I was an only child, raised by parents who’d already raised four children to adulthood. I had a great time. I think their parenting philosophy, though, was, “Get them out of the house! Let ‘em go play.” That’s one thing when there are four kids, and another when there’s just one, and she’s shy, bent toward the melancholic, and let’s admit it, a little strange.
I had a lot of time for reading and over-thoughtful introspection. Here are my most nostalgic, night terror-inducing books, TV episodes and actual night
1 and 2
Scary Stories to Tell in the Dark
and More Scary Stories to Tell in the Dark, by Alvin Schwartz.
I was reading in kindergarten, I was young for a kindergartner, and never remember a time I did not have these books. I think they were a Christmas present (from Satan). They were illustrated by sick, sick Stephen Gammell and have haunted my dreams all my life. No wonder he won a Caldecott Medal. It was like someone told him, “Scare the pants off kids.” And he said, “Okay?” And they said, “Sure! Why not? Scare the pants off kids.” And he did.
Actual tombstones, when tree roots are all weird and above-ground, dark water in ponds, mirrors at night, and the Revolutionary War.
My parents were very sociable, and liked to take me with them wherever they went. Not one to eavesdrop on adult conversations, I wandered around strange yards, peering into old wells, gazing at broken attic windows, making up ghost stories for myself. Many were Revolutionary War-themed because I grew up in South Jersey.
The Rocking Chair Ghost: An Easy to Read Mystery, Mary C. Jane
Illustrated by the less terrifying Tommie de Paola.
The Patchwork Monkey, by Beverly Butler
I just Googled this, and there is, apparently, a 2003 movie, and the casting director made an actual “patchwork monkey” for the thing. I don’t think I could have been involved with this project at all.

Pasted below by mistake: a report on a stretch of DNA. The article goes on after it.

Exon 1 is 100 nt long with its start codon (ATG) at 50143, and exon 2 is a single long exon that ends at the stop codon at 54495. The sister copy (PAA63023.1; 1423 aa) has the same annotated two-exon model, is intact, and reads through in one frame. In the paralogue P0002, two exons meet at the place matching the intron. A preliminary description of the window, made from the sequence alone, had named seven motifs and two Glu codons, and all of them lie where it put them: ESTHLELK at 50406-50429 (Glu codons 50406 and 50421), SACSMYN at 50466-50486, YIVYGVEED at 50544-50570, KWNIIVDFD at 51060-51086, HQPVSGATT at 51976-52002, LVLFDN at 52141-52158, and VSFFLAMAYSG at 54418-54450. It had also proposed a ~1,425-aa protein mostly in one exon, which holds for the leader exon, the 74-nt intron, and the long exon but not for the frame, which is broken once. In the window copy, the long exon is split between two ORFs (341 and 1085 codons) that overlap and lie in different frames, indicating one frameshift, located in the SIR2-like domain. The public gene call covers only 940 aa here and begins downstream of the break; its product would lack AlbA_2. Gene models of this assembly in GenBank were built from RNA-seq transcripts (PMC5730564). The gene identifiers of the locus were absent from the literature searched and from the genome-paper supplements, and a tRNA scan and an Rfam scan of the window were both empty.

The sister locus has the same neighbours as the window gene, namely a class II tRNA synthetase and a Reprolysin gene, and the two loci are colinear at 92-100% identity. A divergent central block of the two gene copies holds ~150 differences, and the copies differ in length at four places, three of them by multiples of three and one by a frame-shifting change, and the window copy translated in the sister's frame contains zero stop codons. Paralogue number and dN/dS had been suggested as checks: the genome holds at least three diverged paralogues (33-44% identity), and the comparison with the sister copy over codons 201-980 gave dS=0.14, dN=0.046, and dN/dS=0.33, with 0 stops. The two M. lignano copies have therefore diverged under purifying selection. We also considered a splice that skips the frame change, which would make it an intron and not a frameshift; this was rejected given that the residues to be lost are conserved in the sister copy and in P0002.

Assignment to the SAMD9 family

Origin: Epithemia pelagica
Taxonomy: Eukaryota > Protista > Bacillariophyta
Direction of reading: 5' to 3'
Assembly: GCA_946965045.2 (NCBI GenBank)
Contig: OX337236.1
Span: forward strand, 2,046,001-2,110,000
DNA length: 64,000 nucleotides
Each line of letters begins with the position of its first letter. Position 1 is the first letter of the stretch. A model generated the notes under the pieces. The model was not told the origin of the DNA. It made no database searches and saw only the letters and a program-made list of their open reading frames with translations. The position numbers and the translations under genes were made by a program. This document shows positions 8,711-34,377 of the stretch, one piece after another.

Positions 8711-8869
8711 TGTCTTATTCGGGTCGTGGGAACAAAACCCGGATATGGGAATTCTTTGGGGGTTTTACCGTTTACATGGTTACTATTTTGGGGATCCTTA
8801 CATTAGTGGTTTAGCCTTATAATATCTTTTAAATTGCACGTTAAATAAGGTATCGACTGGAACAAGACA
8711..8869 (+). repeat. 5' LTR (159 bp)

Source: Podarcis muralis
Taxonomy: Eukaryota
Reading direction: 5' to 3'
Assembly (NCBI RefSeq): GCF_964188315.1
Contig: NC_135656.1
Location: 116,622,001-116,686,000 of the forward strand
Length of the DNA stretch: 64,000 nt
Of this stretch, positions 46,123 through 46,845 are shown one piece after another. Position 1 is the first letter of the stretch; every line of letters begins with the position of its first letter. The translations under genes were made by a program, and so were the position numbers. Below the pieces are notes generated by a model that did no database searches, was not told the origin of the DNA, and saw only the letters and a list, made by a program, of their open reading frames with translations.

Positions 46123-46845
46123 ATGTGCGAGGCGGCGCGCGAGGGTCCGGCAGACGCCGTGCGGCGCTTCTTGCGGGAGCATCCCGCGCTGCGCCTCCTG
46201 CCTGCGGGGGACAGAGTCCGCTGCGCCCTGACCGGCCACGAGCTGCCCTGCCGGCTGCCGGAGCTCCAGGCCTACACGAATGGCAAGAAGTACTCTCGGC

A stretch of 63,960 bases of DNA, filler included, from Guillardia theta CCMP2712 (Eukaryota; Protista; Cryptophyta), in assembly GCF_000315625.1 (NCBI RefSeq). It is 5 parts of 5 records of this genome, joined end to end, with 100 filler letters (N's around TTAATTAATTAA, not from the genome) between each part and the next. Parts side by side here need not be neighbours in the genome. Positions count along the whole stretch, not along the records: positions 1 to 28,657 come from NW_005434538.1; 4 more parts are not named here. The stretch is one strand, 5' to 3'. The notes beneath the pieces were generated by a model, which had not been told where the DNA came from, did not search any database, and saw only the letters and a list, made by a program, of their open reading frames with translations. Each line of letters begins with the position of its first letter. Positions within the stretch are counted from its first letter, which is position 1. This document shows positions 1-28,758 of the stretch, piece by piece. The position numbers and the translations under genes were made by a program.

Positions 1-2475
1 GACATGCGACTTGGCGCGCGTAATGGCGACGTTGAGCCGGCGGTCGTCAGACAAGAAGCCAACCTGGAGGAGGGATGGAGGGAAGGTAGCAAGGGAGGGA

The story goes that a babysitter gives some children a delightful patchwork monkey, and it ends up terrorizing all of them. The story’s in a collection called “Baleful Beasts and Eerie Creatures,” which Amazon promises is a “book of short stories containing everything a young child fears.” Four stars!
The episode of the 1980s Incredible Hulk TV series where Bruce Banner’s trapped in a basement full of water. It’s a ghost story, and the ghost enjoys singing the lullaby, “Hush little baby, don’t you cry/ Momma’s gonna buy you a mocking bird,” in a minor key.
The series is on Hulu! I can’t wait. It’ll be cathartic for my fears of the sump-pump. We had a sump-pump hole in our South Jersey basement, full of water. “Where’s Buffy?” My mom would ask, sometimes, when she hadn’t seen the cat in a while. “I hope she didn’t fall in the sump pump!” Envision a small girl standing behind her mother, eyes widening with terror.
An old 70s Archie Comics story about a sea monster.
I just found it, referenced in a scholarly comics blog by Jamie Weinman, titled “Bob Bolling and the Pursuit of Melancholy Innocence.” (That sounds about right.) Bolling drew this story where Little Archie goes out to sea, and is met by a very realistically drawn plesiosaur-type “sea monster” (who’s soothed by the sound of Archie’s rock stylings, but you had me at realistically drawn sea monster, Bob Bolling. This comic, inspired a lifelong love of cryptozoology).
The article, and link to the comic:
Comic books of the 70s.
I’m in my 30s, but my older brother and sisters are in their 40s and 50s. They left a lot of stuff behind when they moved out, namely, some predominantly gothic comics. Gotham, Metropolis and the Underworld (Hercules Unbound), were not happy places in the 1970s.
Hercules Unbound, Wikipedia
All of my night-terrors, collectively.
Night Terrors, Wikipedia
The one where the hand comes out of the grave.
A most-cherished nightmare, sublime in its detail and emotion– the overly saturated green hillock, the child-sized tombstones, the chain link fence, the gray sky, and the hand! Oh, the exquisite hand that rises from the grave! Thanks for letting me share. I feel a little better.